WINDSOR, England — Around 100,000 well-wishers were cramming their way into the narrow streets of this town that is usually home to just 30,000 people as they prepared to welcome Meghan Markle to Britain's royal family Saturday.
Fascinators — the headpieces often worn by women to weddings in the U.K. — perched on well-coiffed heads, while red, blue and white British flags were draped around shoulders and children wore blow-up crowns.
The crowd was preparing for a ceremony set for noon local time (7 a.m. ET) at St. George's Chapel inside of Windsor Castle.
Four miles of bunting decorated the town and royal fans staked out spaces along the processional route days before the ceremony to ensure a good view.
By 6:30 a.m. (1:30 a.m. ET), the sidewalk nearest to castle was becoming unpassable as good-natured crowds tried to get as close as possible to the wedding venue.
Toni Shah, 43, of Ann Arbor, Michigan, was not taking any chances and spent Friday night sleeping on the procession route instead of at a hotel she and her husband Rick had booked months ago.
"I want to be front-and-center," she said.
While Shah said she has long been a fan of the royals — "I've read all the books, watched every movie" — Markle was a particular draw.
"I'm going to wave my American flag supporting her — that's the first thing," Shah said after a chilly night wrapped tightly in a sleeping bag. "I think I'll probably be crying to be quite honest."
Shah said that Markle "represents change," adding: "I like that she's the new Britain: She's American, she's an actress, she's a minority."
Screens were set up along the Long Walk leading up to Windsor Castle and in the Alexandra Gardens park so well-wishers could watch the ceremony together.
The newlyweds were scheduled to take a carriage ride through town to greet the public. Estimated to last around 25 minutes, Markle and Harry — who will officially be known as the Duke and Duchess of Sussex — will ride in an open-topped Ascot Landau carriage pulled by four horses.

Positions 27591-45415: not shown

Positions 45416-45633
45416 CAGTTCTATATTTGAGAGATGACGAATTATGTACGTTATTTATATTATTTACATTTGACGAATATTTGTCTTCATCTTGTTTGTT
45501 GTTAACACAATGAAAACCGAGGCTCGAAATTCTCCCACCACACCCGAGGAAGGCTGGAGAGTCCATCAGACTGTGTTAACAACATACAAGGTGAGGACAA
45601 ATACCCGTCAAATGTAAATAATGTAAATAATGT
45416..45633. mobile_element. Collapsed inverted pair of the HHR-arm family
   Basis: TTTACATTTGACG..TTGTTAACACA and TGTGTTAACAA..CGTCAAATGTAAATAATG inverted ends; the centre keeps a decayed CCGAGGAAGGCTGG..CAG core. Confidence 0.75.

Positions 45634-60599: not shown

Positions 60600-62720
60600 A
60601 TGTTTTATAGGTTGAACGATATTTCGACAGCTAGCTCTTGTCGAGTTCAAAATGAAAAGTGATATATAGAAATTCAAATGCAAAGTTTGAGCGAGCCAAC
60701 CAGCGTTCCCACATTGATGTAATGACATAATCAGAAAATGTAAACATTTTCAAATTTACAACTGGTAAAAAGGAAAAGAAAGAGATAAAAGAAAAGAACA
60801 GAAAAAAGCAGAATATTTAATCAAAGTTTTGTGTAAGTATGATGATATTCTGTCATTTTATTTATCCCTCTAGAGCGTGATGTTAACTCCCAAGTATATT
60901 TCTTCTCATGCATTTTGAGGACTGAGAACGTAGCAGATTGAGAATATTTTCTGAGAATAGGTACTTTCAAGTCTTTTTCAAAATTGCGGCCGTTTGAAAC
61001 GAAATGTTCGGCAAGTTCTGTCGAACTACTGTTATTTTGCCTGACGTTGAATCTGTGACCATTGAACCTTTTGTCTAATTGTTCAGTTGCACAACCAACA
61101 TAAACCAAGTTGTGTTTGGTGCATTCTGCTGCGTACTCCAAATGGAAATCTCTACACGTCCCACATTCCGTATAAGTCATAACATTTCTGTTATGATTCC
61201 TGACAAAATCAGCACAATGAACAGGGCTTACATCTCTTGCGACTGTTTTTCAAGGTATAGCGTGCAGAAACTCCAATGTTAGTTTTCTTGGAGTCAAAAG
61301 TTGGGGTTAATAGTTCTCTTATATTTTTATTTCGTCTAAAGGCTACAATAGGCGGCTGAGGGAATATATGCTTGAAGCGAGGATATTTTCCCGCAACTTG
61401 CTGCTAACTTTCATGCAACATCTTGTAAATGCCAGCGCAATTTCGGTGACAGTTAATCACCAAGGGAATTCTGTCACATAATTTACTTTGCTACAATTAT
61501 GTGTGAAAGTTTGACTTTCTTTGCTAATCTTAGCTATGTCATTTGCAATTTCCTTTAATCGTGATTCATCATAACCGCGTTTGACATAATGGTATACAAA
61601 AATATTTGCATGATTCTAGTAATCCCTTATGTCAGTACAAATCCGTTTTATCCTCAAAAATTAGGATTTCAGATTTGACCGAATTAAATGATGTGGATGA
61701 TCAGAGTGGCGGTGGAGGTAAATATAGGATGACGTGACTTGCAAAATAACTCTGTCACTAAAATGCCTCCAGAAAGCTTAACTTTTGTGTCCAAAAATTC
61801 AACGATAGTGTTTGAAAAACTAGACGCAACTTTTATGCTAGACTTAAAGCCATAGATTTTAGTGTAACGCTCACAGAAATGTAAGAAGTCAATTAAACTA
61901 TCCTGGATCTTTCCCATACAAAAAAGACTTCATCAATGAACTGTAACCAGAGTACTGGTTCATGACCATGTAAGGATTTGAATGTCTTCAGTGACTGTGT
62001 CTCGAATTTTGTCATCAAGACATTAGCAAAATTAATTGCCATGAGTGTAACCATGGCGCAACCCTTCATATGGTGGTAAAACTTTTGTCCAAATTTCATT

Police were out in full force starting days before the festivities. Around 3,000 officers were expected in Windsor on Saturday along with 250 ceremonial members of the armed forces. Many streets were closed to vehicles and barriers installed.
"The officers on the ground are there to protect the public and keep the public safe, but also if anything were to happen then we're ready to be able to respond to anything," said Thames Valley Police Commander David Hardcastle, who is coordinating the security operation.
To help accommodate the large numbers of visitors, bus and rail companies added extra train and bus services.
Since her engagement to Harry, Markle has appeared to embrace her new role. With a more casual manner than many of her fellow royals, she greets and hugs people during her engagements, an unusual gesture for royals in public.
Markle's American background — the actress hails from Los Angeles and her mother is a social worker and yoga instructor — gave some American royal fans a push to experience the festivities in person.
Andrea Austin, who stood on a packed sidewalk on High Street, said she had traveled from San Francisco to witness history.
"This is a once-in-a-lifetime thing — it's an American marrying a royal," the technology sales executive said.
"It's a great opportunity to bring a bit of the monarchy to us," the 50-year-old added, referring to Prince Harry's U.S.-born bride.
Karen Bevan, 53, from the English city of Portsmouth and Karen Clout, who described herself as "over 70," from St. Albans, are seasoned royal watchers.
The two Karens were strangers, until about 12 hours ago when they parked they lawn chairs side by side on the High Street. Overnight, they bonded.
"For me it's not about the royal family, it's the event. It's about being part of a historic event and meeting new people. Talking to people I wouldn't normally talk to," said Clout.
The town was expected to keep up the celebrations through the evening. Pubs which normally close at 11 p.m. were granted permission to stay open an extra hour to celebrate.